Given the rapidly proliferating number of polls and models predicting the election, the interesting question to be answered after the election is which did the best job. Poll aggregator Sam Wang says that a good prediction should:
Be precise, allowing us to pinpoint a narrow range of outcomes.
Change relatively little in the long term, giving us time to plan in advance.
Give a true sense of the uncertainty – a sense of knowing what we don’t know.
He also looks at the different methods used in the current toolbox of political predictions:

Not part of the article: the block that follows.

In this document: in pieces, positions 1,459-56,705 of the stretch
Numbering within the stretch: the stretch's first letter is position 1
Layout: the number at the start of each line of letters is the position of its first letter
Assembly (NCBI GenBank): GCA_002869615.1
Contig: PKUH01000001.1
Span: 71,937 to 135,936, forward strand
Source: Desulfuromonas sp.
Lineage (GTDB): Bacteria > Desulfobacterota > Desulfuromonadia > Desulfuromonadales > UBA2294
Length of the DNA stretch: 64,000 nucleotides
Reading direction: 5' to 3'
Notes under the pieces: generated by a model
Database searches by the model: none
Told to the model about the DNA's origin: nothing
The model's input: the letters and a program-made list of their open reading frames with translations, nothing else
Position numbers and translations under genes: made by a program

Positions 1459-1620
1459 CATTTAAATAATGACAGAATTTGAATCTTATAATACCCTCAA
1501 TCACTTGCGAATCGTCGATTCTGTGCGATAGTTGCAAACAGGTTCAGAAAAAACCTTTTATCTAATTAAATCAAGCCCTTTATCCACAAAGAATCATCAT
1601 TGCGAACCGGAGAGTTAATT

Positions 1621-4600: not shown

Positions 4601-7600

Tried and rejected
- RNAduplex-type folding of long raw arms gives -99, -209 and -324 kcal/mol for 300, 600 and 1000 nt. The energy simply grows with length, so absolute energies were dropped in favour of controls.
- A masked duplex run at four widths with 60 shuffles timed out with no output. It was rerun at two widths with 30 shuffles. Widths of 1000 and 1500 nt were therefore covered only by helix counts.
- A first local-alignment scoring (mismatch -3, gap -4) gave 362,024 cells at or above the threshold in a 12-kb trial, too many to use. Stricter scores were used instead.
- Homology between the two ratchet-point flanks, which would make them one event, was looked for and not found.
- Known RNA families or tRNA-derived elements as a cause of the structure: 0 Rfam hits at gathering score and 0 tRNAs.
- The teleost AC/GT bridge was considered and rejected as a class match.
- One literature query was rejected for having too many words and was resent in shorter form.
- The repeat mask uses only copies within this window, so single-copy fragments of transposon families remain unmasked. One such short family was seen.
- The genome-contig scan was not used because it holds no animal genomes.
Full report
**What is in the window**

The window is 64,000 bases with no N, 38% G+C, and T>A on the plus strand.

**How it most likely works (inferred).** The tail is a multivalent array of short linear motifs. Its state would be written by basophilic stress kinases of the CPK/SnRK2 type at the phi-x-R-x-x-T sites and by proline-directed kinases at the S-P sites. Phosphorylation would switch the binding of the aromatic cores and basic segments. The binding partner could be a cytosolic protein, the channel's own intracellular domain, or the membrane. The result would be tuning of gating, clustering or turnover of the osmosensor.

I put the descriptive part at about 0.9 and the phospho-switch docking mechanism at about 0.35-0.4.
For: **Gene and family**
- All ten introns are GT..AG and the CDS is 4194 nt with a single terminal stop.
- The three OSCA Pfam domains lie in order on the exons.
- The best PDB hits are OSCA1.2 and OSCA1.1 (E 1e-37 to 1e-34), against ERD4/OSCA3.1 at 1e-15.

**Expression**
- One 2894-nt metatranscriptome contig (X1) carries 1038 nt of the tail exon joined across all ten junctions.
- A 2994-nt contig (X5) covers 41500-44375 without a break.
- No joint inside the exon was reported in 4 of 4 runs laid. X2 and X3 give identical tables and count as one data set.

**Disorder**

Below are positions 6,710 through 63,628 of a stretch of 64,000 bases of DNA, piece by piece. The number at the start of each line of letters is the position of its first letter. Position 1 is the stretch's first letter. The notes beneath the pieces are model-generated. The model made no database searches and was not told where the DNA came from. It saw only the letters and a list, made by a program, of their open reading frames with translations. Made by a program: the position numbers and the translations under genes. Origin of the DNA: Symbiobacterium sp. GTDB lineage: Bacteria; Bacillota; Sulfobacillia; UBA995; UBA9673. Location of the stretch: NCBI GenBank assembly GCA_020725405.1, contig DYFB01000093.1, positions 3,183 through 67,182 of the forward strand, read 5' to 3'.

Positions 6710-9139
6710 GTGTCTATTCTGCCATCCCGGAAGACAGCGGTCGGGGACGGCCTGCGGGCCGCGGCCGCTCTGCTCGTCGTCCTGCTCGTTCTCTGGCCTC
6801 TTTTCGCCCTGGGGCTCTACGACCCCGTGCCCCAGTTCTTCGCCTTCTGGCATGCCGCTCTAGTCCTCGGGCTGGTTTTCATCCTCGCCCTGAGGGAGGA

This year, Presidential political predictions have come in multiple flavors:
Purely poll-based (Princeton Election Consortium, Electoral-Vote.com),
Econometric start-of-season models (political scientists),
Mixed (FiveThirtyEight, Votamatic),
Wisdom-of-crowds (InTrade), and
Expert-based evaluations (Charlie Cook, other pundits).
He then gives five criteria for evaluating which one is the best, with the different methods to be scored after the election when the results are known.